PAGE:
OneNote for Windows Store (Metro) Updated

multiplatform (560x254)

The OneNote team(s) have had a big release day. In addition to the OneNote for Android updates for tablets and handwriting, OneNote was also updated for Windows Store (aka Metro app). Microsoft’s OneNote team announced this update on their blog on August 19.


The OneNote team claims the ability to print pages was the number one requested feature. This feature has been added in this update and it allows printing your notes. In addition, this update allows print previews, allowing portrait and landscape orientations, and the usual printing options like multiple copies and two-sided printing.

In a subtle move away from strictly using Charms for peripherals, printing is supported via Charms, App Bar as well as the conventional Ctrl+P keyboard shortcut.


OneNote for Windows Metro Print Charms
OneNote for Windows Metro Print Charms


OneNote for Windows Metro Print App Bar
OneNote for Windows Metro Print App Bar

File attachments

Another highly requested feature added was the ability to insert files into notes. If you have an external document you want to add to your notes, you can now insert the document via the radial menu’s insert command. This adds the document into the note and makes it available as-is, and when opened, it opens as a read-only version of the document.

OneNote for Windows Metro Insert File
OneNote for Windows Metro Insert File

PDF printout

Unlike inserting files directly, inserting them as a PDF printout “prints” the file out to OneNote as a PDF. This way, the entire document shows up inside OneNote and then can be annotated inside the note. Both the file attachment and PDF printout were added recently to the iPad and Mac versions of OneNote recently.

OneNote for Windows Metro Insert PDF printout
OneNote for Windows Metro Insert PDF printout

Highlighting with ink

Much like the Android and iOS updates, this feature allows ink highlighting. This can be done via a stylus/pen or a finger. The radial menu now shows multiple colors of “pens” for highlighting and inking.

OneNote for Windows Metro Highlight Pens
OneNote for Windows Metro Highlight Pens

The update is now available in the Store. Let us know how you like it.

OneNote for Android Tablets Is Here



Microsoft’s OneNote team announced on August 19 that OneNote for Android is now available for Android tablets. However, that was not the only update made to OneNote for Android.

Handwriting support

OneNote for Android now supports handwriting. So on the tablet, one can write and draw with a stylus (or fingers too). These notes are of course synced across all devices. Much like on the desktop version of OneNote, the inking works with images (for annotation) as well as for pure writing/drawing. For devices which come with active digitizer, the stylus can instantly invoke the inking mode so one can start writing/marking immediately.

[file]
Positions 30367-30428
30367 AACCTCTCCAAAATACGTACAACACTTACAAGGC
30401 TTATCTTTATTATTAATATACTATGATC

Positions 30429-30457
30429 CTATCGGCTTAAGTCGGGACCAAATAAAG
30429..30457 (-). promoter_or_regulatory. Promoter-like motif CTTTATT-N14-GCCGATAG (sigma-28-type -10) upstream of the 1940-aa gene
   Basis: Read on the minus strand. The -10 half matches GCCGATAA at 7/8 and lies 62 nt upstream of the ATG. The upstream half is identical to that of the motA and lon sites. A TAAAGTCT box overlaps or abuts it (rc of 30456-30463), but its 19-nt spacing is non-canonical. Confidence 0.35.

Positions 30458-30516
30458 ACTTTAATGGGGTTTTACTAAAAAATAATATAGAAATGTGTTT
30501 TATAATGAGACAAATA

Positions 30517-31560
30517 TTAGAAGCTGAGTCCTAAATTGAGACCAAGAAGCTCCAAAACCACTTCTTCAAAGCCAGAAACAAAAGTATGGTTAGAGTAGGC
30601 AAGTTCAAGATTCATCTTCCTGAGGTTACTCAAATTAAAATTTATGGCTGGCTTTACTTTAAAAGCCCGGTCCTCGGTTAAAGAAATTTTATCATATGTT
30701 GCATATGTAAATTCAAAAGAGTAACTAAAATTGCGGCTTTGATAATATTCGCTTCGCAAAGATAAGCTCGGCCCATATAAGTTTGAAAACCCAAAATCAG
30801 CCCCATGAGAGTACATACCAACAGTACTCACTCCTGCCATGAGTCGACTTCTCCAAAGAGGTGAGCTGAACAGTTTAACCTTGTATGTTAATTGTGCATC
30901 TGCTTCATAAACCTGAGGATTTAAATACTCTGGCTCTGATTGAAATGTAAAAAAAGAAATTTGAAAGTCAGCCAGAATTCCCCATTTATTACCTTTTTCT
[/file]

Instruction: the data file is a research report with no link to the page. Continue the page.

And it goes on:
Other features included are changing pen colors, as well as changing the paper style and color to make handwriting stand out even more.

OneNote for Android Drawing
OneNote for Android Drawing
OneNote for Android Inking
OneNote for Android Inking
OneNote for Android Annotations
OneNote for Android Annotations

Tablet support

The UI now supports a larger real estate on the screen. Much like the iPad and Windows Store versions, the Android tablet UI now shows a cascading list of notebooks, sections and pages with the selected page occupying much of the screen.

OneNote for Android Tablet UI
OneNote for Android Tablet UI

Ribbon for Android tablets

Similar to the iPad and Windows Store UI, the Android tablet UI now has the ribbon with several formatting options.

OneNote for Android Ribbon: Formatting
OneNote for Android Ribbon: Formatting
OneNote for Android Ribbon
OneNote for Android Ribbon


A quick video overview of the new OneNote:

Given that Android apps normally stretch to fill a larger screen, it is commendable that the OneNote team did not rely on that, but instead chose to build a separate UI for larger screens. It is also nice to see inking support in OneNote, and like the blog post says, it is directed towards the students going to or returning back to school.

Surface with Windows RT: Likes

After an agonizing wait, I finally got a chance to play with my new Surface with Windows RT, or as I will call it for sanity’s sake, Surface RT or simply, Surface. It has been a few days, and I thought instead of writing a full-fledged review, I’d focus on some key likes and a long list of dislikes. Nits that I picked. I discuss the likes here, and dislikes in a second post.

Surface RT

Overall, I really like the device. I was determined to evaluate its use as an iPad replacement in my house. To be clear, in our house, the iPad is used for Facebook, Twitter, web browsing (between my wife and I), and some Netflix/PBS Kids/kid games (our kids, 4 and 6 years old). We are not using the iPad as a computer, or a “creation device”. It is a pure consumption device, unless you call writing a tweet, “creation”.

In that use case, the Surface has ably fit in place of the iPad for the kids. The kids have enough games that they know of, and enough games that are new, that they actually like using the Surface. My wife has not used it much, but that is because at this point of time, she considers the Surface “my baby” so she is almost afraid to some extent, of using it. However, it is only a matter of time :-)

Last night, I saw my kids fight to get to use the Surface. Mind you, we got our second iPad 2 just so they can both have their own. So, despite having two iPads, they preferred to use the Surface. Granted, it could be a novelty thing, but still, it bodes well for me that they are actually liking the device with all its oddities, like the 16:9 aspect ratio.